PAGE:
“Krishna is extreme.”
I was part of a weekly satsang taking place at a nearby temple, a branch of a branch of the Gaudiya Math tree that had set down roots in the neighborhood next to mine, when this bit of truth was dropped on me. Something about it, the way it was said, and why it came up in conversation lodged in my heart and I felt like a dart had struck me.
Unpacking this incident has been on my mind since it took place a few days ago. I truly don’t know where to begin.
I have long found myself surrounded by gods associated with extreme natures, so much so that people have taken on themselves the supreme trouble of telling me just how extreme Loki or Hela or Odin – or Kali – actually is. But never has anyone mentioned Krishna. Of course, now that someone who knows Lord Krishna much better than I do points out this extreme nature I can’t help but see it.
What leads us to characterize gods as extreme? Can we perhaps think of a Power that is *not* extreme? Is extremity part of what makes gods who and what They are?
Why does the particular sort of extremity manifested by a deity lead us to warn others away, while the extremity of another Power comes with no disclaimer whatsoever? Shouldn’t we be warning more people – be careful, Kwan Yin will fuck your shit up. And you know what? She will. I’ve seen it. People who scoff at the exercise of compassion have never been on the receiving end of its expression, not in the way She can express it.
I have always resented being told about how dangerous my gods are; indeed, running with a rough crowd can become a point of (unnecessary, misplaced) pride. We have this idea that there are categories labeled “Extreme” or “Fluffy” into which the Holy Powers can be conveniently sorted. This informs the way we talk about them, the way we think about them, and the way we treat each believers and devotees.
Could it perhaps be that these categories actually don’t tell us very much about the actual nature of the Holy Powers? Certainly they haven’t given me much information – not about Loki or Hela or Odin or Kali – or Krishna.
If these categories contain only misinformation, should we persist in using them?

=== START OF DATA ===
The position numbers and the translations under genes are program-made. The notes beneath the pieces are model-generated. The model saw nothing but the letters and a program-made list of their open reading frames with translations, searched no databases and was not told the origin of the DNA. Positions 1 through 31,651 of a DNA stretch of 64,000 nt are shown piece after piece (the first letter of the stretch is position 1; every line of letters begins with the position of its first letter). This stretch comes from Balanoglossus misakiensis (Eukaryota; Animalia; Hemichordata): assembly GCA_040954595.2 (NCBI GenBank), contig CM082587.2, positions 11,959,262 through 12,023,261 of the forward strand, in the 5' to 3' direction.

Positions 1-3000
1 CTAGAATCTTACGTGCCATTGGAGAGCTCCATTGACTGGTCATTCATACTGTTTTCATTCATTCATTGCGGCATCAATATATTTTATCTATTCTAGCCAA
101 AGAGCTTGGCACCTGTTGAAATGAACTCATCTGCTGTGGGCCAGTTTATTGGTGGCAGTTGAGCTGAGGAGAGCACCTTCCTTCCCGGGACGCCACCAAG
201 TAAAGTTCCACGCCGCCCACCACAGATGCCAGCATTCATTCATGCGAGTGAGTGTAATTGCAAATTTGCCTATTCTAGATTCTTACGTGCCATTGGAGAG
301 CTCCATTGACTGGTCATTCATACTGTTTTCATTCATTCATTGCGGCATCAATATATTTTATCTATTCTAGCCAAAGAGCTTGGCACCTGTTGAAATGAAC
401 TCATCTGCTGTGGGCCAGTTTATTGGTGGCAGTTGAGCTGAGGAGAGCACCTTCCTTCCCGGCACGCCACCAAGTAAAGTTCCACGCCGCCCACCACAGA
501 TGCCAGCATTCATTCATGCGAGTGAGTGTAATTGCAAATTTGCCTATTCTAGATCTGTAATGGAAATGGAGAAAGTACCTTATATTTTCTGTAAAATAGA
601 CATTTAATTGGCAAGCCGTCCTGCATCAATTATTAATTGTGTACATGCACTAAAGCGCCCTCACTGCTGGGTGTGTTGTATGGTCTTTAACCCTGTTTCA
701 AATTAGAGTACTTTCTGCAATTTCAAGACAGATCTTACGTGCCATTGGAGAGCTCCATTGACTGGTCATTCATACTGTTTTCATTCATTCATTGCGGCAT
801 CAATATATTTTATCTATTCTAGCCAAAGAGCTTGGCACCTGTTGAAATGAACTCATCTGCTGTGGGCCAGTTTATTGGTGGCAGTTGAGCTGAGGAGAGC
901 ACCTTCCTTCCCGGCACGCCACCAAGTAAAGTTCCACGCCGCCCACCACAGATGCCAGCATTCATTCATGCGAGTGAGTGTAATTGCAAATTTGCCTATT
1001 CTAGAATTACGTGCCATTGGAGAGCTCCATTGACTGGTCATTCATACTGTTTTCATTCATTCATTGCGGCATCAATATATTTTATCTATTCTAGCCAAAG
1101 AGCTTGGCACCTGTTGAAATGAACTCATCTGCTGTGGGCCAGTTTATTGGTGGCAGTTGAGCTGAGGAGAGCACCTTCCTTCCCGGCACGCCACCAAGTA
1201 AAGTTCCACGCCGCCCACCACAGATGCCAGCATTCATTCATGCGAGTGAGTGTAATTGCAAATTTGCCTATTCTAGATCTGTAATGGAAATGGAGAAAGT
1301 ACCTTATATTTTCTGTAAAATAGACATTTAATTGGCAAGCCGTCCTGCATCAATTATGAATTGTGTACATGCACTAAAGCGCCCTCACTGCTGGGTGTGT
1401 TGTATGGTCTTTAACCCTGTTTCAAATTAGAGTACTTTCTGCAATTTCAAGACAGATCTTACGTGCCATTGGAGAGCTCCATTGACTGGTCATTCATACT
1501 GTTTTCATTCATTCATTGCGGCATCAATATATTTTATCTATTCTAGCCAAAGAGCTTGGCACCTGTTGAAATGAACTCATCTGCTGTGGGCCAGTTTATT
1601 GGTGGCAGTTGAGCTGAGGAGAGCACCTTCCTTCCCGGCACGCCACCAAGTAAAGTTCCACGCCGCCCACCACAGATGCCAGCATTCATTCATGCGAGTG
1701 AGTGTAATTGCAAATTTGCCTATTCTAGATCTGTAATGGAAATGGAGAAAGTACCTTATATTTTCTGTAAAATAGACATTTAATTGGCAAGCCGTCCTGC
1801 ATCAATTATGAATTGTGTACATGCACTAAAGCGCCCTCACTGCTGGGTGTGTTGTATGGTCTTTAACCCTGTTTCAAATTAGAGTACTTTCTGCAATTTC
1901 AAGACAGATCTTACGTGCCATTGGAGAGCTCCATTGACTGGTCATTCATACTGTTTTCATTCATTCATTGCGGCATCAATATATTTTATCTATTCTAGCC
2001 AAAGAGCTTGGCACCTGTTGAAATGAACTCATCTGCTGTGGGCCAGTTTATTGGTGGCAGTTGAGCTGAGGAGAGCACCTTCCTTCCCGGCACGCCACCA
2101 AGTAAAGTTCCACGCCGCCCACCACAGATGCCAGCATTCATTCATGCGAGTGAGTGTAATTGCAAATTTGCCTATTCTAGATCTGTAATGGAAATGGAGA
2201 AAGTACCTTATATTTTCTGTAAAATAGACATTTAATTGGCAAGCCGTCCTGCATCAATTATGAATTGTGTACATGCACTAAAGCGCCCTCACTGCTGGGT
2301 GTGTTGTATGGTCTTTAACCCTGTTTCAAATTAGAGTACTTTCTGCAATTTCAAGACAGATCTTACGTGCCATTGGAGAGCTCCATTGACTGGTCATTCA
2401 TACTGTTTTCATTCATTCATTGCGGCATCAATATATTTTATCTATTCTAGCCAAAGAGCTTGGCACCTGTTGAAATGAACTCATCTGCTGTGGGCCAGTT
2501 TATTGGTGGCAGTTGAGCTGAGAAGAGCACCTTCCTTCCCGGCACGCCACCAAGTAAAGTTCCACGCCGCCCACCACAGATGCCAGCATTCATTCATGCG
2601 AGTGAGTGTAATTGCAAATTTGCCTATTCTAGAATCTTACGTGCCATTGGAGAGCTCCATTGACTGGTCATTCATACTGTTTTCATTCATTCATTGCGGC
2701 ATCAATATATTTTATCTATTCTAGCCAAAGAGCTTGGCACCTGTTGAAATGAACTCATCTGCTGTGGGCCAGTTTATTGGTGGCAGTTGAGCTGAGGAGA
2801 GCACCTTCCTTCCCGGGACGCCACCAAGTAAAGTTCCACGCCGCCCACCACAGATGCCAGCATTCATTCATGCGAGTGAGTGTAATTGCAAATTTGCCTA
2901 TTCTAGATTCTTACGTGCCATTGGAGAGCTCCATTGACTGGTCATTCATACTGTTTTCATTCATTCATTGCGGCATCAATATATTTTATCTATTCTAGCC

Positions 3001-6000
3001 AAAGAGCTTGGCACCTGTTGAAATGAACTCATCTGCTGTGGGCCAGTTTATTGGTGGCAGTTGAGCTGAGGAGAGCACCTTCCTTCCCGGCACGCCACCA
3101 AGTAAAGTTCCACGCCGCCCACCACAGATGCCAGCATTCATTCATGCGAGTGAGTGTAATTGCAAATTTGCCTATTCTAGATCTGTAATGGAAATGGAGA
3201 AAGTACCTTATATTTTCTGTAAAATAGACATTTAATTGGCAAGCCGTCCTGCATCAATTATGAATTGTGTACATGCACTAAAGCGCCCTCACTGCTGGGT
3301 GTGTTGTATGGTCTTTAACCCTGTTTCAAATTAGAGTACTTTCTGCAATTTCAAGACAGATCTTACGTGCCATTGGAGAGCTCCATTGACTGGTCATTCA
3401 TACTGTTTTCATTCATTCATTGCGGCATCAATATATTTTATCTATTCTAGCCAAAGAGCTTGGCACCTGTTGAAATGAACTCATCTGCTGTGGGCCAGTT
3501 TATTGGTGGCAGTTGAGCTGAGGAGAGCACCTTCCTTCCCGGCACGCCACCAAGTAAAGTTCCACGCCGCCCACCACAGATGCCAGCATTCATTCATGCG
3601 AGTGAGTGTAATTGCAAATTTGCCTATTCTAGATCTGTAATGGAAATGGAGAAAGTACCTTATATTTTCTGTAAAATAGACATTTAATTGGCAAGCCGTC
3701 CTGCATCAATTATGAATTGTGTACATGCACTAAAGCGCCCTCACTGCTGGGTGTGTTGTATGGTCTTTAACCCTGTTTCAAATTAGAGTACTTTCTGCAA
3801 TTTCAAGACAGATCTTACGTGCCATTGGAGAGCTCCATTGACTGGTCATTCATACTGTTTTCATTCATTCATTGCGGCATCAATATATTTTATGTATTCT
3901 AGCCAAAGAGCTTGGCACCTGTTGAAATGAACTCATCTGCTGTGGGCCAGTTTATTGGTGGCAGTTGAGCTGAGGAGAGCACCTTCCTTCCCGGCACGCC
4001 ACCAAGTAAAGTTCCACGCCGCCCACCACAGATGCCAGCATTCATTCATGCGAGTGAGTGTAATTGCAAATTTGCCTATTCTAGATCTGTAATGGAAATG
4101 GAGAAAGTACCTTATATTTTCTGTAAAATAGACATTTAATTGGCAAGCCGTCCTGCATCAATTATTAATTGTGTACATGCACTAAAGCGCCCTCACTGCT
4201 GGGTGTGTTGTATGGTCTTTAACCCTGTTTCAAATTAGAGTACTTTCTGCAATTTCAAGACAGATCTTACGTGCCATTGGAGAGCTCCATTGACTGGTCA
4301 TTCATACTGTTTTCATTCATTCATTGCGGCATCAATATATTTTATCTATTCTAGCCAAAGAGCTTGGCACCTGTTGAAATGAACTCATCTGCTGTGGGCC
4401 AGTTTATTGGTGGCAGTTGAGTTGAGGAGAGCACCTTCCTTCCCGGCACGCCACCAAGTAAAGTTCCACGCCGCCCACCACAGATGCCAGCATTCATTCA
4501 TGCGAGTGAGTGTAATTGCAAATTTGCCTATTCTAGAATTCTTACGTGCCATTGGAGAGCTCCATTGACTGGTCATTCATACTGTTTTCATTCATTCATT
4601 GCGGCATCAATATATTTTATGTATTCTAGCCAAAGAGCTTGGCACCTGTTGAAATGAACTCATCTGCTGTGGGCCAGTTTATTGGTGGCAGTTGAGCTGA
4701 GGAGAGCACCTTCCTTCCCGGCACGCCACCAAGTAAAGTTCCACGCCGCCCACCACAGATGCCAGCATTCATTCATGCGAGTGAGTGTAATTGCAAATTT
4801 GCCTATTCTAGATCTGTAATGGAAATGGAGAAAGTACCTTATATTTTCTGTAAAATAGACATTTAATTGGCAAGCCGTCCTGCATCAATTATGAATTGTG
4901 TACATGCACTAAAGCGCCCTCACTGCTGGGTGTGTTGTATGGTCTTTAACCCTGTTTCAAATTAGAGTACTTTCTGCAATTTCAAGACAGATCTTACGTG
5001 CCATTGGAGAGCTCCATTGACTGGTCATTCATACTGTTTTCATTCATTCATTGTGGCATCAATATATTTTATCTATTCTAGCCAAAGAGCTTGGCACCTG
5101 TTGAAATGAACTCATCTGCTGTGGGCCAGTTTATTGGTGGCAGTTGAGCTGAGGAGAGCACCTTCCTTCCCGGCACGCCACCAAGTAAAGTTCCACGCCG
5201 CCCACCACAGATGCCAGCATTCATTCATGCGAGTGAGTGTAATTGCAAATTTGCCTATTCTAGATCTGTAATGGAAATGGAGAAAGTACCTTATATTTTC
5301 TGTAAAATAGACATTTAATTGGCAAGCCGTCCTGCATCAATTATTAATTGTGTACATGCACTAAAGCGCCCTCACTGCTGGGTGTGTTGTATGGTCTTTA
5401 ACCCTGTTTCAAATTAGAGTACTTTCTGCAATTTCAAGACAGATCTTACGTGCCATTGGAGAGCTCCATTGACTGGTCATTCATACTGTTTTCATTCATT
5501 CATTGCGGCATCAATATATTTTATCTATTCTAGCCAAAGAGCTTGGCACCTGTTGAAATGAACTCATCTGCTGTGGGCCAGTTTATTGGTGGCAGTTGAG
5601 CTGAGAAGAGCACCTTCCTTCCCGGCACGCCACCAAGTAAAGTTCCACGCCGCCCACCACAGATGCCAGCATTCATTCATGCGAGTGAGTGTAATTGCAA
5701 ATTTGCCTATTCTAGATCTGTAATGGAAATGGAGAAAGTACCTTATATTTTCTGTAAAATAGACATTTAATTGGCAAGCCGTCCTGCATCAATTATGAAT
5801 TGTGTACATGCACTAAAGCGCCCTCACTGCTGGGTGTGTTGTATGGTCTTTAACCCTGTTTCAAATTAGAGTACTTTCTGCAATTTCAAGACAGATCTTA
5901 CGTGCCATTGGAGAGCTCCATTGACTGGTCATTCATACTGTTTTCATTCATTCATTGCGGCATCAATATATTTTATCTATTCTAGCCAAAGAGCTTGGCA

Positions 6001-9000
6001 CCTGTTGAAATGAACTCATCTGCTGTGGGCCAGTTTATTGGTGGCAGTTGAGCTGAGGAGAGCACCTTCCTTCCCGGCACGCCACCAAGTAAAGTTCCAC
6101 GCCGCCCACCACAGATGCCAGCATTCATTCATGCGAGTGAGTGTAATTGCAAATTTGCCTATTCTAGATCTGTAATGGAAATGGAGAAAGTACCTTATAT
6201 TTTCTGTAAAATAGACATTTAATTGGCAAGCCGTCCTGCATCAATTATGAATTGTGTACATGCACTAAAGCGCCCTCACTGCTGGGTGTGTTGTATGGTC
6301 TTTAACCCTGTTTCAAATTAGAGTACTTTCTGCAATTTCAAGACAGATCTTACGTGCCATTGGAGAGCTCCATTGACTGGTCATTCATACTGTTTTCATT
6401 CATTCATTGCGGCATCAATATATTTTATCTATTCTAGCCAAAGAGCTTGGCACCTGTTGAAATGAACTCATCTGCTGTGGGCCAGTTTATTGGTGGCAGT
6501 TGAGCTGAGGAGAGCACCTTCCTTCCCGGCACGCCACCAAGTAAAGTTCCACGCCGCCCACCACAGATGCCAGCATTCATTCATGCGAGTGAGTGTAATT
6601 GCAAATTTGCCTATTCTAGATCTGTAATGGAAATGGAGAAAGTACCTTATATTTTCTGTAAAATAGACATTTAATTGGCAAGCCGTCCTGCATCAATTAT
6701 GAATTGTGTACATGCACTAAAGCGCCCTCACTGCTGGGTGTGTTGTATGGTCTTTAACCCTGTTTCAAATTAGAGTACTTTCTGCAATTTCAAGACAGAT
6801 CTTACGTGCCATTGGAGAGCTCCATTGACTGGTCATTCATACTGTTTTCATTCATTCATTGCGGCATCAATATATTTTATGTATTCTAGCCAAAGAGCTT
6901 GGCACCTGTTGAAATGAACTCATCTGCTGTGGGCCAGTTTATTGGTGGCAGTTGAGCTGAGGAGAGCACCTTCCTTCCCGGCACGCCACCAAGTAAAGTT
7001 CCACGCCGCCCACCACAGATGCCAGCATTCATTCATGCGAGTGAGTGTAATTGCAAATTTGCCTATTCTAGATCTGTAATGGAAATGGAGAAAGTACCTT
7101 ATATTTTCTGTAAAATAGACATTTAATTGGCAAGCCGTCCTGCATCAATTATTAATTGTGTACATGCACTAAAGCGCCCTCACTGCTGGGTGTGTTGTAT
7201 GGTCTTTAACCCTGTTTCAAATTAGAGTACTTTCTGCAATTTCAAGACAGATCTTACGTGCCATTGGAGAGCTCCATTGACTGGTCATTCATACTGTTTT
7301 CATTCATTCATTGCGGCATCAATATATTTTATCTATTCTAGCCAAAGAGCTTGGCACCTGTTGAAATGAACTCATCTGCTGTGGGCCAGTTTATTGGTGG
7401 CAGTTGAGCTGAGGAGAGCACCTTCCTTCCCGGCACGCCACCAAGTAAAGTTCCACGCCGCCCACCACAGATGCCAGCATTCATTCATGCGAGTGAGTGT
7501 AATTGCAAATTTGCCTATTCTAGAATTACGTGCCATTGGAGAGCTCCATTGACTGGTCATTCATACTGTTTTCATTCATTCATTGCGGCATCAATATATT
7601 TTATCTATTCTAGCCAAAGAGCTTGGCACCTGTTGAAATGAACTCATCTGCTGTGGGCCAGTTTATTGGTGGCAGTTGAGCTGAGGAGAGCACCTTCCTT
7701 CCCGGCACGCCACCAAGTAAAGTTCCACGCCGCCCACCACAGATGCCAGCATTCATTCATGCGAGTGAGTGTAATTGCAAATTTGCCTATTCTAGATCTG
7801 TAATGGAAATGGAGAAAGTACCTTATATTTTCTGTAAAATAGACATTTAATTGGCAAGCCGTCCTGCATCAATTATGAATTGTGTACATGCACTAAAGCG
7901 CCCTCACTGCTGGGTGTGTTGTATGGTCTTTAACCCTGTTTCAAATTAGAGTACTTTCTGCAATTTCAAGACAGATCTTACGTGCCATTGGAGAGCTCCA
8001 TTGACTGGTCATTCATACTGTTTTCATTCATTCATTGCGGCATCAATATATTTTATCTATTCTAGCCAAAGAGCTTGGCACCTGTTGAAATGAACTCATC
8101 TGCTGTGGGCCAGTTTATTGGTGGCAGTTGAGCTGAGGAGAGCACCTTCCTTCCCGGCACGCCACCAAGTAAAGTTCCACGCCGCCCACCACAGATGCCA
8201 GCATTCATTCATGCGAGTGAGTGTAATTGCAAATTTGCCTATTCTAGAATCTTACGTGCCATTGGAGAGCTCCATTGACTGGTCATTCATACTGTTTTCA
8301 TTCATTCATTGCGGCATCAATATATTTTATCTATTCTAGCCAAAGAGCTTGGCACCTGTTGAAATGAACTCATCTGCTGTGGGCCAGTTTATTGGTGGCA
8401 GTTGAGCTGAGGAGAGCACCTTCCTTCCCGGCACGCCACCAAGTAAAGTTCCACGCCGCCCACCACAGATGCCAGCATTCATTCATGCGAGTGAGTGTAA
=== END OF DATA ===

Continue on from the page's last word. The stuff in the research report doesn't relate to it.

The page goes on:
Alright, well – maybe the Holy Powers are separated into “extreme” and “not-extreme” categories based on the sort of influence they have in our lives or the sphere(s) of experience they are most interested in.
To be sure, the gods can have all kinds of influence in our lives. From healing to breaking, from falling in love to walking away, and from failure to success back to failure, They seem to trigger all kinds of transformations. Transformation and change is Their gift – but such things are part of life anyway and are bound to happen anyway. Therefore blaming (or crediting) the Gods for life’s extremes may be somewhat missing the mark.
(I say this and *know* that They have delivered the strangest and most profound transformations to me but for all our sakes I hope that such things are aberrations.)
Life is extreme with and without the gods. They are not, perhaps, required for satisfying, fulfilling, and meaningful lives but for those of us who find a form of satisfaction unique to religious engagement, the gods will always be part of our deepest and most formative experiences. Such experiences are going to be extreme. All gods, therefore, seem to have extreme natures.
I don’t like talking about Loki as an extreme god. He is, I suppose. But what else do I expect? What else do I expect from any god? I’m not sure. This is part of why I was so upset. I came face to face with a set of expectations that I didn’t even know I had.
While I might know enough to now examine my expectations regarding deities that enter my sphere of experience, I am not always so good at applying new lessons to old gods. Who do I truly expect Loki to be?
Truthfully, I try very hard to expect nothing of Him. He’s not good at conforming to expectations, and frustrated expectation on my part always leads to suffering. I’ve found it better to accept what is offered when it is offered; Loki is very much a god of the present moment, and I’m not so good at that. Maybe this was the same logic I applied to Krishna. Not knowing what to expect, I simply accepted. Maybe this was why I felt strangely betrayed – because I should have expected extremity and was then disturbed when someone pointed this out to me.
(To the members of the many Gaudiya Math traditions, Krishna is the lord of rasa, the lord of profound emotive spiritual experience. Rasa encompasses all flavors of emotive spiritual experiences, both sweet and bitter; Krishna-lila is said to exemplify each facet of spiritual emotional experience. This is certainly not everyone’s understanding of Him.)
I think I was also troubled that I expected the gods to be something other than what they are; this goes back to acceptance. Holding a sort of false god in one’s mind, a preconception of who Loki (or whoever) might be, interferes with spiritual engagement. Recognizing the false god and then rooting it out from the mental landscape and emotional complexes is truly the work of a lifetime. I’m grateful to have been shown a blind spot in my self-knowledge. I have much to learn.